Why Does Your Hamster Bite His Cage?
29 September, 2017
If you’ve ever had a hamster, you’ve probably familiar with your little critter chewing on his cage. This probably happens at night when you’re trying to sleep. And the noshing keeps you up! There are a few reasons why your hamster will bite his cage and it’s not to annoy you.
Hamsters are nocturnal animals, and they’re good about entertaining themselves. But they still want a little love sometimes. If your hamster is chewing on the cage bars, it’s usually because he wants your attention (like our cats that howl at night).
Hamsters should get individualized attention every day, even if it just means taking him out of the cage for a little cuddling or time in the exercise ball while he’s awake. Staying inside his enclosure all the time can lead to something like cabin fever. And, then, your hamster won’t hesitate to let you know he needs some attention by noshing.
Hamsters love to chew!
Hamsters simply love to chew. It might not seem like a particularly intellectually stimulating way of entertaining oneself, but to the hamster, it just feels good. This is due largely in part to their biology, particularly the teeth. It provides with a gnawing but comforting feeling.
Unlike your teeth, which remain the same basic size and shape your whole life, a hamster’s teeth constantly grow. Hamsters grind them down constantly by regular chewing. Chewing on a hard object, like his cage bars, keeps his choppers in good condition if no more suitable source for gnawing is available. By chewing on things, whether cage bars or anything else in his vicinity, a hamster is essentially honing his teeth to maximum benefit.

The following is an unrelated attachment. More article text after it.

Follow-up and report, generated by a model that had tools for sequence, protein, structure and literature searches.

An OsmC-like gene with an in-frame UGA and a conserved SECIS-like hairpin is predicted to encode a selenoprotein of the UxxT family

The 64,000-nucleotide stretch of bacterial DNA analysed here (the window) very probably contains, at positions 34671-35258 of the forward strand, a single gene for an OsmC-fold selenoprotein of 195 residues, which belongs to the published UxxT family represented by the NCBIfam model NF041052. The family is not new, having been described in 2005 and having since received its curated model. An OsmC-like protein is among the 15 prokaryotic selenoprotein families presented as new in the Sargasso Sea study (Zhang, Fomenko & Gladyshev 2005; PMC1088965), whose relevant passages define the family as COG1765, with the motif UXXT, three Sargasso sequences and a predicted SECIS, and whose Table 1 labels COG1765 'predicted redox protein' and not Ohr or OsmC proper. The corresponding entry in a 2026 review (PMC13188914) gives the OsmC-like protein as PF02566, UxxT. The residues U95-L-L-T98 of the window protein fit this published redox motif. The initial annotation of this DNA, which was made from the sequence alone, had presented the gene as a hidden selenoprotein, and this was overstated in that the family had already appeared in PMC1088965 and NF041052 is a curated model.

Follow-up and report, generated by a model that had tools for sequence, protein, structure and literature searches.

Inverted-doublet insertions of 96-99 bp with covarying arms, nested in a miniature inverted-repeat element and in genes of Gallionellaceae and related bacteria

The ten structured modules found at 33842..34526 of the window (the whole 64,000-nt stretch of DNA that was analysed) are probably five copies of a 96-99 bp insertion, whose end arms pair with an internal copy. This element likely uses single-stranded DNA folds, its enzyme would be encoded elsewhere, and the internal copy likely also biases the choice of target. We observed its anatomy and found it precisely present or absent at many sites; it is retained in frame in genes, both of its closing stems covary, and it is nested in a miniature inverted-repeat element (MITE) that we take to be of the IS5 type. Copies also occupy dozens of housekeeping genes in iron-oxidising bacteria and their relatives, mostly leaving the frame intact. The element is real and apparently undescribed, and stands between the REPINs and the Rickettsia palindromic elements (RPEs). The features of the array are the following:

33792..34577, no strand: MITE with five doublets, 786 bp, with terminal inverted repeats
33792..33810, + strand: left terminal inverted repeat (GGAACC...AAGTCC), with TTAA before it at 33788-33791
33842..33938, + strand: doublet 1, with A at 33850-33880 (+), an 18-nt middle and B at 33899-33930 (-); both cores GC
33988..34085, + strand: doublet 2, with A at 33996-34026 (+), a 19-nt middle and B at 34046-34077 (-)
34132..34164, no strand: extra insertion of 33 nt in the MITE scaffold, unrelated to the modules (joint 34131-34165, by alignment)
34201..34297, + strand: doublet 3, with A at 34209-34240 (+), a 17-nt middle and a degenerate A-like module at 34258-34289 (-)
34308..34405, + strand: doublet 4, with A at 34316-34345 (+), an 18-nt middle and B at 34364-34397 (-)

Provide the right items for chewing
Prevent or minimize your hamster’s cage-chewing inclinations by making sure that he always has access to plenty of toys or things that are safe for him to chew on. You could offer soft wooden chews, untreated wood, apples (in small pieces), small spoons made out of stainless steel or doggie biscuits. They have many chew toys on the market and chew sticks made just for hamsters.
Because hamsters sometimes can’t resist chewing on their cage bars, you should keep a hamster in a cage with metal bars. Make sure that the bars are nontoxic so he doesn’t do any damage to himself when he wraps his gums around them. Wood and plastic cages can be attractive, but are also susceptible to being chewed through, leading to avoidable escapes. A glass enclosure such as an aquarium is a good alternative so long as it gets enough fresh air. A secure wire top is sufficient.
Your hamster will usually grow out of this phase, but it’s always better to be prepared and give your hamster alternatives for chewing.
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